Tea always feels like that go-to reliable remedy for when annoying seasonal allergies start flaring up. Or to help us relax after getting a head start on our holiday to-do list. The best part is there are so many tea varieties and blends to choose from, which means there is always a new one to try. We suggest brewing a cup of delicious chrysanthemum tea: Not only is it tasty, but can help protect bone health, reduce inflammation, and nix stress.
This tea comes from chrysanthemum flowering plants that are native to East Asia and Northeastern Europe. There are many species of these flowers with the most diverse amount being cultivated in China as far back as 15 century B.C. To make the tea, the C. morifolium and C. indicum species are dried then steeped in hot water. It’s caffeine-free and has a slightly sweet yet buttery flavor. Brew this drink using a loose leaf version (Buy on Amazon, $14.99) or with tea bags (Buy on Amazon, $10.99) to get the amazing health perks.
Drinking chrysanthemum tea can help ease inflammation. A study published in Food Chemistry looked at the chemical compounds within this tea to understand its anti-inflammatory properties. Researchers found that it contains a high amount of antioxidants called phenols, which work to eliminate free radicals in the body. Also, previous research noted that chrysanthemum extract contains other antioxidants such as flavonoids and lignans that give a helping hand to ward off inflammation.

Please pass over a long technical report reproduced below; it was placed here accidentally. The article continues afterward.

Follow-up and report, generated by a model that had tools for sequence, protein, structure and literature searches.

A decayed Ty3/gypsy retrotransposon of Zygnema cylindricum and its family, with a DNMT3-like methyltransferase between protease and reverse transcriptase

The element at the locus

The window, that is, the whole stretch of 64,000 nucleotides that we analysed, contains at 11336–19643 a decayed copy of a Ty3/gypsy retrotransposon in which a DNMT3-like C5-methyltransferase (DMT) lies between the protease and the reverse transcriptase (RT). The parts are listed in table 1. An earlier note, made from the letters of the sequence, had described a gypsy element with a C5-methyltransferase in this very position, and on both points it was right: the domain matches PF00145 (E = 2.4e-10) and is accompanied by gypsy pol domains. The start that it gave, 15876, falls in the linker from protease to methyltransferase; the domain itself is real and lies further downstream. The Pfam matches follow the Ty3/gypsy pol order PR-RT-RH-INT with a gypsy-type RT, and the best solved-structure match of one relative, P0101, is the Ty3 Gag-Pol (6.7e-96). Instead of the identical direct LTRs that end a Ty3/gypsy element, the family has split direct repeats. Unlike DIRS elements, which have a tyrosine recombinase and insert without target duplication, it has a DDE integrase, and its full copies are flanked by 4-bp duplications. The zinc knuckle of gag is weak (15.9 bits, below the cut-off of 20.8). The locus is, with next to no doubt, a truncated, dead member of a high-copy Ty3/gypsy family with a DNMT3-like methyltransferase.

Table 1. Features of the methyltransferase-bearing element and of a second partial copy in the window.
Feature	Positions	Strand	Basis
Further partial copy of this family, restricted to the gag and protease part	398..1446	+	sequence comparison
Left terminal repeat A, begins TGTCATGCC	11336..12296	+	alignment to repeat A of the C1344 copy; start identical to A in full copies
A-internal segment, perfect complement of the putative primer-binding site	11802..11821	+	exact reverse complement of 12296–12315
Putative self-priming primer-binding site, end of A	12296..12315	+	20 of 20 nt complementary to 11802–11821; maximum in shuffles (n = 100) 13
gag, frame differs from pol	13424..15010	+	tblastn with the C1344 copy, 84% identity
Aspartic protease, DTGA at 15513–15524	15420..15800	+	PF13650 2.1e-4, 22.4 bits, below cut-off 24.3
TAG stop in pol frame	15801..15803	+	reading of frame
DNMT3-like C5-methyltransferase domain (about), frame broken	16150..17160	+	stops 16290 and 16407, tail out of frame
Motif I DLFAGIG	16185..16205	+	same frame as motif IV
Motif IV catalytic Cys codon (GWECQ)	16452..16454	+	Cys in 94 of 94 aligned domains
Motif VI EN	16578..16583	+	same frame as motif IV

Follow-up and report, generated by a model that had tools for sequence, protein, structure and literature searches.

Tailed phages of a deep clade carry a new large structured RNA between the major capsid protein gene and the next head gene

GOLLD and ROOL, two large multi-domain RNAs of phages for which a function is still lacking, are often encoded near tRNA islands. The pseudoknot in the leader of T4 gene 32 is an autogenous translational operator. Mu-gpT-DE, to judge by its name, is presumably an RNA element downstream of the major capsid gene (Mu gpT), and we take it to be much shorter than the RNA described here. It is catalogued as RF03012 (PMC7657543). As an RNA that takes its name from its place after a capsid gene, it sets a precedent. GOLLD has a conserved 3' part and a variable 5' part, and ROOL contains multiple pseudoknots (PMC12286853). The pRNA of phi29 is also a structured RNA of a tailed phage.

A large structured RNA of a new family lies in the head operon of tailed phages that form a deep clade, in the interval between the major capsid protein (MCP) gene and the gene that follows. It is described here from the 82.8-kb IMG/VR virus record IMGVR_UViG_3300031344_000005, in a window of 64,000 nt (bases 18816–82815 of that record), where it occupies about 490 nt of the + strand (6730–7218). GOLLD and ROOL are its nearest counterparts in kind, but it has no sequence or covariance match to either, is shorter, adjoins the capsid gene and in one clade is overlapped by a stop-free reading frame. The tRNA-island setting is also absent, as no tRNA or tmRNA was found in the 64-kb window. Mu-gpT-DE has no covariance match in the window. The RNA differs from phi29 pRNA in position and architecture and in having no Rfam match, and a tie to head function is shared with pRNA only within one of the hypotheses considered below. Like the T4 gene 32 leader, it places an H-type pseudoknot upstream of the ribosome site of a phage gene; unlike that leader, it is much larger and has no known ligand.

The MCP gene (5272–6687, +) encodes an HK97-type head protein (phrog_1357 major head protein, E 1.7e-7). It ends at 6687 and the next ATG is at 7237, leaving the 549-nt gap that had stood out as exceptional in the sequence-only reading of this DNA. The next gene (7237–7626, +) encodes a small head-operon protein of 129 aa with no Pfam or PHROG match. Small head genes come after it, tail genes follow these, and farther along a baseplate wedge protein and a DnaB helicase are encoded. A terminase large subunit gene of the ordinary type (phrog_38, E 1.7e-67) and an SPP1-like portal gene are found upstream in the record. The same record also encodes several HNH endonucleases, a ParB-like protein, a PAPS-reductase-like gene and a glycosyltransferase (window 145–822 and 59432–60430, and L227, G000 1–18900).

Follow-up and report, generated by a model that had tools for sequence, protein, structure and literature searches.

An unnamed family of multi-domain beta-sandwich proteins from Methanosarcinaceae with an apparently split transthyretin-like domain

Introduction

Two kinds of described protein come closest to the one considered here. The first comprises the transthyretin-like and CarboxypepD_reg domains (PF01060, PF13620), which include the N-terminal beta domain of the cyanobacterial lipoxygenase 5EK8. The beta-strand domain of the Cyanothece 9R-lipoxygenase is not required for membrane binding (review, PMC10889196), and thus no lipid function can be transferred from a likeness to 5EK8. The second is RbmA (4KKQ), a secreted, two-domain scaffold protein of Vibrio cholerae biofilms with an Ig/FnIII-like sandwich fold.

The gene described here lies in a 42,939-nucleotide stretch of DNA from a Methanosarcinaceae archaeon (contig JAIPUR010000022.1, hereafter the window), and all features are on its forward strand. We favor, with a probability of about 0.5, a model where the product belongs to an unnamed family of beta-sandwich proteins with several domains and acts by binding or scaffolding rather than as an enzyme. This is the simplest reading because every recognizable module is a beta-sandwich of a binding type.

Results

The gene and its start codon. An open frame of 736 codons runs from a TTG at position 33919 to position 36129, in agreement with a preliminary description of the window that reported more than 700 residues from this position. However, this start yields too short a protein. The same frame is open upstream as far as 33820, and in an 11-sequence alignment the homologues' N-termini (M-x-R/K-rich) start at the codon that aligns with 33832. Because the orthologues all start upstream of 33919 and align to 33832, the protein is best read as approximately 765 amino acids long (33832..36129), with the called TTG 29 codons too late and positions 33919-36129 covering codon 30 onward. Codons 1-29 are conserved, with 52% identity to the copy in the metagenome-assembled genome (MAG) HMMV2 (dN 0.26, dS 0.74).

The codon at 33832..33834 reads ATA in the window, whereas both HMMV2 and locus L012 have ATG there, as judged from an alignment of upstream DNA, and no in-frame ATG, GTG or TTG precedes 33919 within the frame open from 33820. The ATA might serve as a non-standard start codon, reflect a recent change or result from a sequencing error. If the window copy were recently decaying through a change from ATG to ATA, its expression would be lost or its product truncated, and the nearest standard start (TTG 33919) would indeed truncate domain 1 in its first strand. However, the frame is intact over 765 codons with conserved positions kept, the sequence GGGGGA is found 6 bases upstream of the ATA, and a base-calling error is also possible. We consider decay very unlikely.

The antioxidants in chrysanthemum flowers have been linked to protecting bone health as well. Research published in Evidence-Based Complementary and Alternative Medicine found that consuming the extract made from the chrysanthemum indicum flower species prevented the formation of osteoclasts in mice. Osteoclasts are cells that can dissolve the collagen and calcium within bones, causing them to break down and become weaker over time.
This tea is quite literally a soothing sip that helps promote relaxation. A study published in Biomolecules & Therapeutics revealed that ingesting 500 mg. of chrysanthemum water extract had an anxiety-reducing effect on mice. Researchers credited this to the chlorogenic acid within the extract, which regulated stress hormones such as GABAA and 5-HT1A receptors.
It looks like this is the perfect tea to enjoy any time, but especially during those chilly fall evenings with a blanket and a good book!
Woman’s World aims to feature only the best products and services. We update when possible, but deals expire and prices can change. If you buy something via one of our links, we may earn a commission.
Questions? Reach us at email@example.com.